Personally Identifiable Information for Dummies

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Have you heard or read the terms Personal Information or Personally Identifiable Information and not been entirely sure what they represent? It may be that they were mentioned in the perennial article in the news about a data breach in which thousands, or hundreds of thousands of individuals’ credit card numbers, driver’s license numbers, addresses, and so on were stolen from company xyz. Or you may be in a job role where you are directly or indirectly affected by internal policy or external regulation around your stakeholders’ personal data – the latest such regulation (and the reason every company all of a sudden is asking you if you want to continue hearing from them) is the European Global Data Protection Regulation (GDPR). Wherever you are coming from, here is a quick and straightforward primer on PI/PII.

The first thing to understand when trying to understand these or similar terms is that they are legal concepts and can differ somewhat in their definition depending on the jurisdiction e.g. whether you are in Canada, the United States, Europe, or Australia. However, whether you call it personal information, personal data, or personally identifiable information, the common thread is that it is information about a uniquely identified or identifiable individual, or in simpler terms the information includes an element or elements that can uniquely identify the person it relates to.

These elements which can uniquely identify a person can be broken down into ‘direct’ and ‘indirect’ identifiers. Direct identifiers are sufficient on their own to uniquely identify an individual and indeed are often used for the express purpose of determining individual identity. Examples of direct identifiers are:

  • Social Security Number/Social Insurance Number/National Identification Number
  • Driver’s license number
  • Employee serial number
  • Credit card number
  • Telephone number
  • Fingerprints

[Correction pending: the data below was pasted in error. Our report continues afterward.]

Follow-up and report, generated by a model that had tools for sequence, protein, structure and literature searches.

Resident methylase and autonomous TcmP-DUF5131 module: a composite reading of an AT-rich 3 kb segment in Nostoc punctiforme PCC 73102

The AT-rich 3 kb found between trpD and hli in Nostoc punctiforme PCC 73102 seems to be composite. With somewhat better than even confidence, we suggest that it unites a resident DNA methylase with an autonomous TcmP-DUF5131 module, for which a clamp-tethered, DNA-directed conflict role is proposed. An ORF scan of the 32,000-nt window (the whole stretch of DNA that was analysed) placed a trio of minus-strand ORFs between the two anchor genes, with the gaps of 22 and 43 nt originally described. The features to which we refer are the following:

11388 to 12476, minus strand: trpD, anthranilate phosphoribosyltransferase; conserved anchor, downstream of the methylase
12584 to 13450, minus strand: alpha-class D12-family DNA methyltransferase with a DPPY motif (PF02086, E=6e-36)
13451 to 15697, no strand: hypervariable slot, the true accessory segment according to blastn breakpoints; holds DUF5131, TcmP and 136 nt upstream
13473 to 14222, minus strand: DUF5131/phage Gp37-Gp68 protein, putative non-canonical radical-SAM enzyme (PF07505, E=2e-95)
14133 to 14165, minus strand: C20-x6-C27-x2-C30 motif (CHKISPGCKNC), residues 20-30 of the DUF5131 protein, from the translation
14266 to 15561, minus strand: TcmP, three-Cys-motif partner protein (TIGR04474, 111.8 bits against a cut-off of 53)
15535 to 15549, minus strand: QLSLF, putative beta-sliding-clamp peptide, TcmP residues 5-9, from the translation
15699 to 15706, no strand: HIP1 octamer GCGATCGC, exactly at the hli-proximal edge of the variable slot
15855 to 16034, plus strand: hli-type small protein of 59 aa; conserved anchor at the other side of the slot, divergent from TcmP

• Address

Indirect identifiers are those which on their own would not be sufficient to uniquely identify an individual but when combined with other elements can be used to do so (see diagram below). Examples of indirect identifiers are:

  • State/Province or postal code of residence
  • Job role or name of employer
  • Gender
  • Age
  • School attended or attending

What complicates matters is that in some cases or for some individuals an identifier may be sufficient to uniquely identify an individual whereas for others it may not. A great example of this is full name. For someone named ‘John Smith’, full name and city of residence may not be sufficient to uniquely identify someone whereas for someone with a more unique full name it would. From a data protection and privacy perspective it makes sense to apply the strictest possible interpretation of what could uniquely identify an individual.

PII

Now that we have defined Personal Information/Personally Identifiable Information, we can consider a special type of PI: Sensitive Personal Information. This is Personal Information which is considered sensitive because it could be used to cause substantial harm, embarrassment, inconvenience, or unfairness to an individual. The harm could be of a financial, employment, or reputational/social nature.

Again, it’s important to consider that what is SPI in terms of regulatory/legal requirements depends on the jurisdiction. Businesses may also have their own policy which specifies what is SPI for the purposes of their business practices, based on the jurisdictions they operate in. Examples of SPI are below and include many of the PI types mentioned previously which also happen to be direct identifiers:

  • Social Security Number/Social Insurance Number/National Identification Number

That is PI/PII and SPI/SPII in a nutshell. Hopefully this article has been straightforward to understand and has given you a grasp on these subjects.

 

 

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